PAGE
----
With the third season of her hit comedy series "Insecure" now airing on HBO and several other projects under way, Issa Rae shines like the industry titan she is on the cover of Glamour magazine’s October issue.
.@GlamourMag: ‘Our October cover star @IssaRae has found success in the industry without a blueprint. "I’m way more confident in what I bring to the table now."’ Read the full cover story: https://t.co/31D6np6x0P pic.twitter.com/q5R0riNJDt
rnt— Awkward Black Girl (@awkwardblkgrl) September 4, 2018
rntThe shoot accompanies a candid profile by The Shade Room founder Angelica Nwandu, which was published online yesterday (September 4). Rae reflects on the lifelong love of Black artistry that informed her projects, including "The Misadventures of Awkward Black Girl" and "Insecure." Here, three key excerpts:
On challenging stereotypes and internalized doubt:
“You learn that a very specific type is appreciated,” she says. “For me, it was like, ‘If I want to pursue acting, I know that I am going to always have to be the best friend.’” In 2007, she graduated from Stanford University with a major in African and African American studies and a minor in political science.
An early web series she wrote satirized her experiences at the prestigious university, but it wasn’t until her popular 2011 YouTube series, "The Misadventures of Awkward Black Girl," that she put herself in a lead role. “The friend that I wanted wasn’t available,” she says. “I was like, Fuck it. I know how to act this part.” Still, she was uncertain about her future in entertainment. “The embarrassment came from making a YouTube series while all of my friends were being doctors, lawyers, diplomats, all of those different things. Those post-college questions—did I have to go to college to do this? Did I have to pay hundreds of thousands of dollars to make YouTube videos?—that was embarrassing for me.”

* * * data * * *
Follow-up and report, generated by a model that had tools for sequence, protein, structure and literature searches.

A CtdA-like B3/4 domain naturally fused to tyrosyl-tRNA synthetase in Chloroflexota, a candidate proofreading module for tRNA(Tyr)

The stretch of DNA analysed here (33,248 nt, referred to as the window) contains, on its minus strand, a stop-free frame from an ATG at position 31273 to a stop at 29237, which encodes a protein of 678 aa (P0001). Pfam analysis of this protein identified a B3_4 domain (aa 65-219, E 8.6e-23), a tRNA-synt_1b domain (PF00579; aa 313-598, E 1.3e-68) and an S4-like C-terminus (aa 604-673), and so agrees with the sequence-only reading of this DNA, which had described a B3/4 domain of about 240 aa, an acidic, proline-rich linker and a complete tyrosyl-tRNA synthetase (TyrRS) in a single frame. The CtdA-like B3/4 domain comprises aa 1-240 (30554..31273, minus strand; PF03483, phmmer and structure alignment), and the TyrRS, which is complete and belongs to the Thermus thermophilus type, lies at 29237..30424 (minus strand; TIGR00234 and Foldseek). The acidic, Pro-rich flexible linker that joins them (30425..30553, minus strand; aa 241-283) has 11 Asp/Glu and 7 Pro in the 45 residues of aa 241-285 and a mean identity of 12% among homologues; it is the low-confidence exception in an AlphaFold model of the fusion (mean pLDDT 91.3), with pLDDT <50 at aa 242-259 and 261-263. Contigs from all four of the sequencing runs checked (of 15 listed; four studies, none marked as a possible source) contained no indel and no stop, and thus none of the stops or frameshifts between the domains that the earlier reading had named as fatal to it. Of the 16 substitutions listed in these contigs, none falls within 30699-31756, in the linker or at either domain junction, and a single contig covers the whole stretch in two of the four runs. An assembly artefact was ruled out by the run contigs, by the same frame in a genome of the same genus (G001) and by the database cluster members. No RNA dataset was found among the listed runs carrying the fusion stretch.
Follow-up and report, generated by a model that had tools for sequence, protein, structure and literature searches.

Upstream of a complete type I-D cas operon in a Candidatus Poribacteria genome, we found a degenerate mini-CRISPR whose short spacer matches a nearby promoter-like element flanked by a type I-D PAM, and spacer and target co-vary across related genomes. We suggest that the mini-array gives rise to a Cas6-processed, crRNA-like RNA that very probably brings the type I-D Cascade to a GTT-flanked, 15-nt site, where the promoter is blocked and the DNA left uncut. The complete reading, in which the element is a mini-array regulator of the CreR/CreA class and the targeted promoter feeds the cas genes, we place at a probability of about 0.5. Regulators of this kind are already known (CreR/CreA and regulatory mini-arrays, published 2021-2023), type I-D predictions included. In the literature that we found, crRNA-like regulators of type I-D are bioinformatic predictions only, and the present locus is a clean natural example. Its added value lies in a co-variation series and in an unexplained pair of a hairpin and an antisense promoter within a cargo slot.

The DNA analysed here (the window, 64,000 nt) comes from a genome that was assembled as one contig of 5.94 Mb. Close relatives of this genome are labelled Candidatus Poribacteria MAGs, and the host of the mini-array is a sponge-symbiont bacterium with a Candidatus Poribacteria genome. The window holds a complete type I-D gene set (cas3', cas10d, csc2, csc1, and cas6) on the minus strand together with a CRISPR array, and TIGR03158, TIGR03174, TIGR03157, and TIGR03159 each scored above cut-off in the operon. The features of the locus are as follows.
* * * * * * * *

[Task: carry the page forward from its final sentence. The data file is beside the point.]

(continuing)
The self-doubt dissipated “when I started making the money back,” Rae says, so she leaned in to the image of the relatable (occasionally embarrassed, occasionally awkward) Black woman. Gone are the days of the video girl as the sole arbiter of our femininity. “There was no blueprint to do this. There was no one I could look to to be like, ‘Oh, so-and-so made some videos and then had a television show, and then did movies,’” she says. “You kind of just do it.”
On centering Black perspectives and voices:
Her characters on "Insecure" are real. They look cute, act wild and are unapologetically Black while doing it. They also live in a place where Black women live. As the backdrop on "Insecure," South L.A., and the gentrification that’s transforming it, looms large. “White people left the neighborhood, there was White flight, and now they’re coming back and pushing us out,” Rae says. “I’m moving back there—that’s what I want—but I’ve already seen the change. It’s disheartening.”
It’s the kind of gentrification she refuses to see happen to "Insecure." When I ask how she maintains her authenticity as the show continues to capture new viewers (62 percent of her audience is non-Black), Rae cites the benefits of “surrounding myself with people of color. I could never do this show and have a predominantly White staff,” she says.
On the blowback for creating a new show that stars Black LGBTQ characters:
Living at the intersection between art and commerce comes with other complications. There was the time Rae got dragged on Twitter after the announcement that she’s producing an HBO show called "Him or Her," based on the dating life of Black comedian Travon Free, who is bisexual. “Please don’t make that show,” one detractor wrote. “The Black community needs more visual representations of positive Black family dynamics.” The blowback was “really unfortunate because I love Black people, and I love everything that comes with us,” she says. “[Being queer] is the experience of lots of Black men, and it’s like, ‘Why would you try to prevent that story from being told? Who are you to tell him that his story isn’t valid?’”